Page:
I live in the country.  It’s a small village of about 1,600 people; it has two banks, a gas station, a restaurant, a grocery store, and a LCBO.  I’ve discovered that I really don’t need a lot of “extras”  in my surroundings to be entertained and happy.   I don’t live in “town”; rather, my home is nestled between hay and corn fields and a large wood lot.  I’ve grown to love and appreciate my neighbours, who have a remarkably well-developed ability to somehow simultaneously mind their own business and know everything that’s going on.  They never pry, but would magically appear with casseroles and offers to mow the lawn if I was ever in trouble.     I live in a beautifully renovated 100-year-old schoolhouse; it is a source of great pride and satisfaction (and blisters and sore backs and headaches…but mainly pride). 

I’ve been with my lovely (supportive, intelligent, strong, beautiful, wise, inspiring, kind) partner for over 8 years.  We first met, briefly, at the ceramics studio, then months later, properly, at a vet clinic where I worked.  One of my favourite dates was the night we brought folding camping chairs to an old field in the middle of winter, away from the glaring city lights, to watch a meteor shower.  It was too cloudy to see any meteors, but the moonlight sparkling off the snow, hot chocolate spiked with Irish Cream, and mitten-clad hand-holding under the warmth of cozy blankets was just as good.  On June 15, 2007, we stood in a garden with an officiant and a tabby cat as a witness, and declared our intention to spend the rest of our lives together.    I’ve come out to my family, coworkers and friends, and doing so has only reinforced my belief that the vast majority of people are open-minded and good.

My blue hair (and blonde and red and black and shaved) is long gone …these days it’s my own reddish blonde “au naturel” and I actually kind of enjoy the ample flecks of grey I find in there.   I go to a small butcher every Saturday to get fresh local meat for our meals; in the summer we often get our produce at farmers’ markets.   I drive a Corolla; it has a Darwin Fish bumper sticker.  I run for fitness.  I dote on our three dogs and two cats.   I have five incredible nephews.  I voted Conservative in the last federal election.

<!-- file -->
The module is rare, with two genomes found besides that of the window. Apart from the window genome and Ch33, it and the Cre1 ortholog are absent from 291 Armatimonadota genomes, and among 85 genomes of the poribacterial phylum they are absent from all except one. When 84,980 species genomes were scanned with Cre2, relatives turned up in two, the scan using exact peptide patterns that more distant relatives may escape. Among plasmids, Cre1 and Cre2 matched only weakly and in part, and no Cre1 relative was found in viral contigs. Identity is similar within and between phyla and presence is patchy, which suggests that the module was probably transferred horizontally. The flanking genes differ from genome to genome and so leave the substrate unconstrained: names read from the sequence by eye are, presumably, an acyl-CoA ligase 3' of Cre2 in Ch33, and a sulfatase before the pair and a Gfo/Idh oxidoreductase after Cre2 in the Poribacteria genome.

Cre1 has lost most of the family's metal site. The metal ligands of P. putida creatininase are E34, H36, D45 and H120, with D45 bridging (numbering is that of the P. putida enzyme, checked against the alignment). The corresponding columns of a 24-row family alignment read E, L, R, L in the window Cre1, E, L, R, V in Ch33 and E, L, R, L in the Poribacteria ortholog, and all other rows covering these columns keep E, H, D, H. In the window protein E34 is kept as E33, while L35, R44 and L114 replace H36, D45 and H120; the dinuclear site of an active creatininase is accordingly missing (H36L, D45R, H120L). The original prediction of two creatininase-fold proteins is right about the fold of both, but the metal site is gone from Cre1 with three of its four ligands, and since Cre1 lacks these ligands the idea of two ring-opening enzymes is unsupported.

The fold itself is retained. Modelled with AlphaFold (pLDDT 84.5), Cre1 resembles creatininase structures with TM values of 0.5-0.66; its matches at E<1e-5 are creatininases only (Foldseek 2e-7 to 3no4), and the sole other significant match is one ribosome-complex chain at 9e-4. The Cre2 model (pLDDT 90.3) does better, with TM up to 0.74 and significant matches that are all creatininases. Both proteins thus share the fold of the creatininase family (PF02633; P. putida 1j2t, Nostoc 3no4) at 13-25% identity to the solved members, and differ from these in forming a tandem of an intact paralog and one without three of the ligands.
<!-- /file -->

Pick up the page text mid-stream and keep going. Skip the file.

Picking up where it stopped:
The past decade has been a time of incredible learning and growth as well as grounding.  I feel settled, safe and quite satisfied.  Happy.  Content.  Secure with myself and with others, and with the knowledge that I’m loved.   I’m thrilled to be entering this new year and new decade with a sense of excitement and great anticipation…I can only imagine what it has in store for me. 

Happy New Year everyone…I hope it brings you joy.

One response to “Happy New Decade!

  1. Ted C. MacRae January 3, 2010 at 1:17 AM

    Great portrait of two snapshots of your life. Both sound irreverent, engaging, and independent.

    Yes, most people are good, open and accepting. Those that aren’t are not worthy of further consideration. I’ve seen staunchly “anti” people become quite accepting once an issue touches them personally. Take my father-in-law for instance—he was rabidly anti-cyclist until he met me, now he begrudginly acknowledges my right to the road 🙂

    Good luck Ms. Future Professor.